HttpServletRequest request = (HttpServletRequest) servletRequest;
        HttpServletResponse response = (HttpServletResponse) servletResponse;

        LOGGER.info("Logging Request  {} : {}", request.getMethod(), request.getRequestURI());

        // Call next filter in the filter chain
        filterChain.doFilter(request, response);

        LOGGER.info("Logging Response :{}", response.getContentType());
    }

    @Override
    public void destroy() {
        // TODO: 7/4/2018
    }
}

Let’s quickly look at some important points in the above code

  • The filter registered by the @Component annotation.

  • To fire filters in the right order, we needed to use the @Order annotation.

     @Component
     @Order(1)
     public class CustomFirstFilter implements Filter {
    
     }
    
     @Component
     @Order(2)
     public class CustomSecondFilter implements Filter {
    
     }
    

In the above code, CustomFirstFilter will run before the CustomSecondFilter.

The lower the number, the higher the precedence

2. URL Pattern

If the convention-based mapping is not flexible enough, we can use FilterRegistrationBean for the complete control of the application. Here, don’t use @Component annotation for the filter class but register the filter using a FilterRegistrationBean.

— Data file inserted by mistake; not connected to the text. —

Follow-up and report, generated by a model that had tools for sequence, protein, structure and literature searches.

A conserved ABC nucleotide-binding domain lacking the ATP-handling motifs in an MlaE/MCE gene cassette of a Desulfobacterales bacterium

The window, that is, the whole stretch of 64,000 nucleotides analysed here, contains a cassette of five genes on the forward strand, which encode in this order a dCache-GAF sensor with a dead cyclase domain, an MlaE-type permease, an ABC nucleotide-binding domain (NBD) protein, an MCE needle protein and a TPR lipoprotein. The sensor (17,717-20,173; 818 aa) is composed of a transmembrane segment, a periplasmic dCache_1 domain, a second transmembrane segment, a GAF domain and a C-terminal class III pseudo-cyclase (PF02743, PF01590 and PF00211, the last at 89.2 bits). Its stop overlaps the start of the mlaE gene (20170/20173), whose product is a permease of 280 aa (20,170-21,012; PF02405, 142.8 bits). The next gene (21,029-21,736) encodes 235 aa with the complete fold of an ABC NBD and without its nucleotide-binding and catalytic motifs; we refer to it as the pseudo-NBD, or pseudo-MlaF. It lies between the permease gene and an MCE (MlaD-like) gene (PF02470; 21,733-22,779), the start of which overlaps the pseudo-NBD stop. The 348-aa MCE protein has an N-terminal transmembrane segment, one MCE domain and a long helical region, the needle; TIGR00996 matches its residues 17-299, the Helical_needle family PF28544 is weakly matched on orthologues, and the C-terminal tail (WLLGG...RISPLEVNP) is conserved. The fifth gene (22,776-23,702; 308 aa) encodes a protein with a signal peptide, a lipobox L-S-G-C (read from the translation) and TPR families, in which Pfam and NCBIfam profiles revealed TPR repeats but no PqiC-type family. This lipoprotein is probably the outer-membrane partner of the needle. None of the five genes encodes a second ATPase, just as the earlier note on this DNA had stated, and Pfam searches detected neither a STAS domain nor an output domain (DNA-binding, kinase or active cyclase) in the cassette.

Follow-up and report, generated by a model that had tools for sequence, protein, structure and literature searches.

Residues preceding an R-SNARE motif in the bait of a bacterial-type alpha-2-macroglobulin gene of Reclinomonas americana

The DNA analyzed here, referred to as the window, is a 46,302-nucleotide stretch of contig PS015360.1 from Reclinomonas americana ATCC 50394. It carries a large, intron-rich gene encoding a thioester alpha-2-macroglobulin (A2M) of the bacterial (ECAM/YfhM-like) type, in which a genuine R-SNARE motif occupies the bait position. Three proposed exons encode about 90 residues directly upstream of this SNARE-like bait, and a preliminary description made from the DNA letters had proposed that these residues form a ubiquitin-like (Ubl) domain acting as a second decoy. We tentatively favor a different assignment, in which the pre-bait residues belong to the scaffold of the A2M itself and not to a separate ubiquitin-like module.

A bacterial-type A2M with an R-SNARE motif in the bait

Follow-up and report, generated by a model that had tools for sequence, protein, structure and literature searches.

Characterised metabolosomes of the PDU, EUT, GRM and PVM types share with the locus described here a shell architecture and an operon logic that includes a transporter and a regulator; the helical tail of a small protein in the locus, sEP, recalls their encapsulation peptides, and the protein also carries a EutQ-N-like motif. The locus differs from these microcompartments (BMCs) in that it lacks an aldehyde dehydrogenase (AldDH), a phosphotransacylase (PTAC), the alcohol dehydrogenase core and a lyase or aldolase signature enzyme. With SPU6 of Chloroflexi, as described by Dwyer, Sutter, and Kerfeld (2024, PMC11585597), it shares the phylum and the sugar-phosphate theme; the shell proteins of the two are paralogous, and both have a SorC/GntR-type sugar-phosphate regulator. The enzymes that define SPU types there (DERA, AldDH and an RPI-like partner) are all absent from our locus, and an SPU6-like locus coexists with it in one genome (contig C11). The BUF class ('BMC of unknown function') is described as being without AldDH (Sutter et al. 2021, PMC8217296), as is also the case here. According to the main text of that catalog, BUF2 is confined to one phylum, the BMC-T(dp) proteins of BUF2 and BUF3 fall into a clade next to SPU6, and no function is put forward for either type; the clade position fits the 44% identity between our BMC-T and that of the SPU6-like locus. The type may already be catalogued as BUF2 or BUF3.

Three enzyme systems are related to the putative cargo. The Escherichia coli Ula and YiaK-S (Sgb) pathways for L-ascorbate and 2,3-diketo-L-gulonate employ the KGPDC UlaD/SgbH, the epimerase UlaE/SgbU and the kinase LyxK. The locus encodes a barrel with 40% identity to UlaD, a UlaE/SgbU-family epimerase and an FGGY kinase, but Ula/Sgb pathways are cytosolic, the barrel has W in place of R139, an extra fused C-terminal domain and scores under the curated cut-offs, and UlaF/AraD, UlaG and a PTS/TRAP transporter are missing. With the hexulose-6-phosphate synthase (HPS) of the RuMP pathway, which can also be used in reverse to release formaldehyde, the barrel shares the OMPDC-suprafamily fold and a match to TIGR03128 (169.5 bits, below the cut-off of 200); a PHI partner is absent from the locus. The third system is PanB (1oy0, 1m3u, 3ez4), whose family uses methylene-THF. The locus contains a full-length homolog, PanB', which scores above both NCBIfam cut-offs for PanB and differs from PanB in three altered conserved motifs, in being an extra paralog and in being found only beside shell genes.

public class CustomURLFilter implements Filter {

    private static final Logger LOGGER = LoggerFactory.getLogger(CustomURLFilter.class);

    @Override
    public void init(FilterConfig filterConfig) throws ServletException {
        LOGGER.info("########## Initiating CustomURLFilter filter ##########");
    }

    @Override
    public void doFilter(ServletRequest servletRequest, ServletResponse servletResponse, FilterChain filterChain) throws IOException, ServletException {

        HttpServletRequest request = (HttpServletRequest) servletRequest;
        HttpServletResponse response = (HttpServletResponse) servletResponse;

        LOGGER.info("This Filter is only called when request is mapped for /customer resource");

        // Call the next filter in the filter chain
        filterChain.doFilter(request, response);
    }

    @Override
    public void destroy() {

    }
}

Register the custom Filter using FilterRegistrationBean.

@Configuration
public class AppConfig {

    @Bean
    public FilterRegistrationBean < CustomURLFilter > filterRegistrationBean() {
        FilterRegistrationBean < CustomURLFilter > registrationBean = new FilterRegistrationBean();
        CustomURLFilter customURLFilter = new CustomURLFilter();